even years, because it is free from that detriment and encumbrance which is unavoidably caused by citizens." In 1924 military thought is at one with Marshal Saxe in the opinion that natural sites should be selected for permanent defences, and that cities should be left unfortified.
The survivors of a war that witnessed the revival of armour in the form of the steel helmet and the tank-at last partially realising the folly of pitting flesh and blood against machineguns and of exposing clothcovered heads to shrapnel bullets and splinters - may be interested in the Marshal's views on the discarding of this protection. "I am at a loss to know why armour has been laid aside, for nothing is either so useful or ornamental. Perhaps it may be said that the invention of gunpowder abolished the use of it, but that is far from being the true reason, because it was the fashion
well rammed down, or are received in an oblique direction. .. By arming your cavalry in this manner they will rush upon the enemy with irresistible impetuosity, grown doubly desperate from a consciousness of their own security, and a thirst of revenge for the dangers they have just escaped. And how can those whose bodies are quite unguarded be able to defend themselves against others who are, in a manner, invulnerable
"This kind of armour will not only have a good effect to the eye, but reduce the expense of the clothing considerably, for nothing more will be required than a small buff-skin every six years, a cloak every three or four, and a pair of breeches. The hat is to be exchanged for the Roman helmet, which is so graceful that nothing can be comparable to it, and it lasts, as does also the armour, during a man's life. Thus the dress will be rendered much less costly and more ornamental; your cavalry will be fired, from a sense of their superiority, with an eagerness to engage the enemy. should not be surprised to see ten or a dozen such horsemen attack and defeat a whole squadron, because fear would prevail on one side, and courage on the other."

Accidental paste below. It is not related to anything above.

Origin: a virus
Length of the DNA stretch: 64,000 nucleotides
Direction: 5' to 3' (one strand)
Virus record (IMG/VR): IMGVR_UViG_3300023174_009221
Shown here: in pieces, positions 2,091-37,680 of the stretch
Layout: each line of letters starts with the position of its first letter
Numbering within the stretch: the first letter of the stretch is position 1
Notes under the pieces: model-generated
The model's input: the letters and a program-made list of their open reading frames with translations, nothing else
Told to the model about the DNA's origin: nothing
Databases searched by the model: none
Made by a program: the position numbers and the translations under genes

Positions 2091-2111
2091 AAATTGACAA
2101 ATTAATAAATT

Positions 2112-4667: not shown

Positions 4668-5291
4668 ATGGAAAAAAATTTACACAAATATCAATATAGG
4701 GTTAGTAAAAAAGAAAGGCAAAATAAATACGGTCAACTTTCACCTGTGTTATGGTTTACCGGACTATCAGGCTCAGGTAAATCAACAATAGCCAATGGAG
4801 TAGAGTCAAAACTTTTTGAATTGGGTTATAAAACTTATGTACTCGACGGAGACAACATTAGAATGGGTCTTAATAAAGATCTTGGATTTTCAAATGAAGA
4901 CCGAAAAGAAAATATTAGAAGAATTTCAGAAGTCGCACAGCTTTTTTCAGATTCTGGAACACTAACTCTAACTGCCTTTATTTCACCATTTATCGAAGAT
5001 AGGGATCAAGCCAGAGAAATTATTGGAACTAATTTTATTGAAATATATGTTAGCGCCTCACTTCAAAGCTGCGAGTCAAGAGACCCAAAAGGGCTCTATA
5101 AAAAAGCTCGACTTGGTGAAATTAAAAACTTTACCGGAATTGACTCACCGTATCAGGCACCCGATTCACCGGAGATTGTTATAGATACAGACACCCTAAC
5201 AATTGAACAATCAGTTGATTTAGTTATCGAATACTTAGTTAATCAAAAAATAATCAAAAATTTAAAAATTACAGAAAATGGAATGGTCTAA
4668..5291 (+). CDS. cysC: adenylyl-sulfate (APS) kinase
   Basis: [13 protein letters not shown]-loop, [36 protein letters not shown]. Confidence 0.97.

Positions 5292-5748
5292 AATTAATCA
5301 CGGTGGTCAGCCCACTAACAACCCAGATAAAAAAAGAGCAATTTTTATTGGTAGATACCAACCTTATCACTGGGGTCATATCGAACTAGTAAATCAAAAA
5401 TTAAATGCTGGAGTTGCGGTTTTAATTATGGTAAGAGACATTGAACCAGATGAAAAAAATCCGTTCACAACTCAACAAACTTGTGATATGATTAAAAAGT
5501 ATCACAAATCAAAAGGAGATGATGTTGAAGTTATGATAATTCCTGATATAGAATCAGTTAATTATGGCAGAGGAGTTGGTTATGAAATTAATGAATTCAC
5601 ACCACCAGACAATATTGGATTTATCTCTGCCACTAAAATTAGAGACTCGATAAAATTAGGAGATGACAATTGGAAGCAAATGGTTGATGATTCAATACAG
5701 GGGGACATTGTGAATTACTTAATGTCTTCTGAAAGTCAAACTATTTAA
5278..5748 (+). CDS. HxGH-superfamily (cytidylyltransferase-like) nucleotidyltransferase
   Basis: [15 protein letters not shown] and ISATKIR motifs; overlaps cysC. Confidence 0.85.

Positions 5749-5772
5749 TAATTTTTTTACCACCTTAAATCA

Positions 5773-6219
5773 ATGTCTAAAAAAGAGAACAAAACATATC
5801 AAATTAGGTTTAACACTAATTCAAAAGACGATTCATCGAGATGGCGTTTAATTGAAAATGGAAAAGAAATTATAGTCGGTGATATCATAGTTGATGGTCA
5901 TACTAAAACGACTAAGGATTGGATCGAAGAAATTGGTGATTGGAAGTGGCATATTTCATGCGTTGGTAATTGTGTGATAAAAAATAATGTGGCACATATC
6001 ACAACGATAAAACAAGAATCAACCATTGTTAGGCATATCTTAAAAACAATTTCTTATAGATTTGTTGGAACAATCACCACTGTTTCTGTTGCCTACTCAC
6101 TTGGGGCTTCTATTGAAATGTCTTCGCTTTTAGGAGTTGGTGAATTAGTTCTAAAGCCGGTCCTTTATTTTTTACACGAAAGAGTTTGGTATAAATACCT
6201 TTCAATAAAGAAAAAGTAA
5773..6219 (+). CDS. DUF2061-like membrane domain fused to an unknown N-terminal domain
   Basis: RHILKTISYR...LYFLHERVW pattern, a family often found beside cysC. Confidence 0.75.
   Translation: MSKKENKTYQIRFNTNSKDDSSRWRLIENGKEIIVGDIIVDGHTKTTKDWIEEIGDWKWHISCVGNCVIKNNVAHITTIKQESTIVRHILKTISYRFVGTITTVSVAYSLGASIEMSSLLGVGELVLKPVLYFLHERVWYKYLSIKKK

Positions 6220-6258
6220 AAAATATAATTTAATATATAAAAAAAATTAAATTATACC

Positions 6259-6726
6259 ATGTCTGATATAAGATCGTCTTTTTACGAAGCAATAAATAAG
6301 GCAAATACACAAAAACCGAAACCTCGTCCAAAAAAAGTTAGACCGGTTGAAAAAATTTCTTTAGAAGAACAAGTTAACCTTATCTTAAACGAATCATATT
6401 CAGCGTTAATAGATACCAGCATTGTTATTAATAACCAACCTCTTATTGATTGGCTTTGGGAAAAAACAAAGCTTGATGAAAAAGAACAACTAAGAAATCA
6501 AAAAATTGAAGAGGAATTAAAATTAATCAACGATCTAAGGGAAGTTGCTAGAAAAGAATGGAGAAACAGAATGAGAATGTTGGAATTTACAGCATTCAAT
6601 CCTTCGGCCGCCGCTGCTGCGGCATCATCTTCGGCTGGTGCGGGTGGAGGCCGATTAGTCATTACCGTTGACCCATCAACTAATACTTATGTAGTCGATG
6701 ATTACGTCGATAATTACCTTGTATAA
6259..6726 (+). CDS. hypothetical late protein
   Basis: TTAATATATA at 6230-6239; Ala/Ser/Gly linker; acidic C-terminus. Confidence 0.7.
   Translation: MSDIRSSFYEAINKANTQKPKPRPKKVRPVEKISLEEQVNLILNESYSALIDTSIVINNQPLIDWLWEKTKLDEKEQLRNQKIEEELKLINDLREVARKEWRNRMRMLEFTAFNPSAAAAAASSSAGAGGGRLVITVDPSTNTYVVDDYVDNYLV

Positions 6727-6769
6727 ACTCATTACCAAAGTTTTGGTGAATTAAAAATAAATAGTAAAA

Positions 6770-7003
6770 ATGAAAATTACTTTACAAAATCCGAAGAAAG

Then follows a passage which would seem applicable to the argument used by the opponents of tank warfare: To say then that the enemy will adopt the same measures is to admit the goodness of them ;
nevertheless they will probably of their discipline, and in pro
Marshal Saxe then points out that even if when the armour is penetrated a severer wound ensues, which he doubts, the balance is still greatly in its favour, "for what will signify the loss of small numbers thus occasioned by their armour provided that, in general, it gives us the superiority over our enemies and wins our battles ? "Nothing but indolence and effeminacy could have occasioned its being laid aside : to carry the cuirass during the whole year for the uncertain service of a single day was deemed perhaps a hardship; but when a State so far degenerates as to suffer
In the military sphere, Saxe's arguments for the revival of armour could hardly be improved on, and to-day, when these two defects are removed in great measure by the fact that armoured protection is now no longer muscle-moved but mechanically moved and bullet-proof in addition, it is tragic to reflect upon the array of military opinion which still contemplates pitting large masses of unprotected flesh and blood against machineguns.
No maxim is more quoted than Napoleon's dictum that "the moral is to the physical as three to one," yet none surely seems SO little understood. There can be little surprise at the decisive results when tanks were present in the later engagements of the Great War as compared with those of the earlier years when the infantry depended on artillery support. As a fortifier of moral an immediate and visible form of support is infinitely more efficacious than a distant and unseen one. Few have grasped more clearly than Saxe how delicately is poised the balance between the will to go forward and the instinct to seek safety in flight, and that confidence or its decline is most often the deciding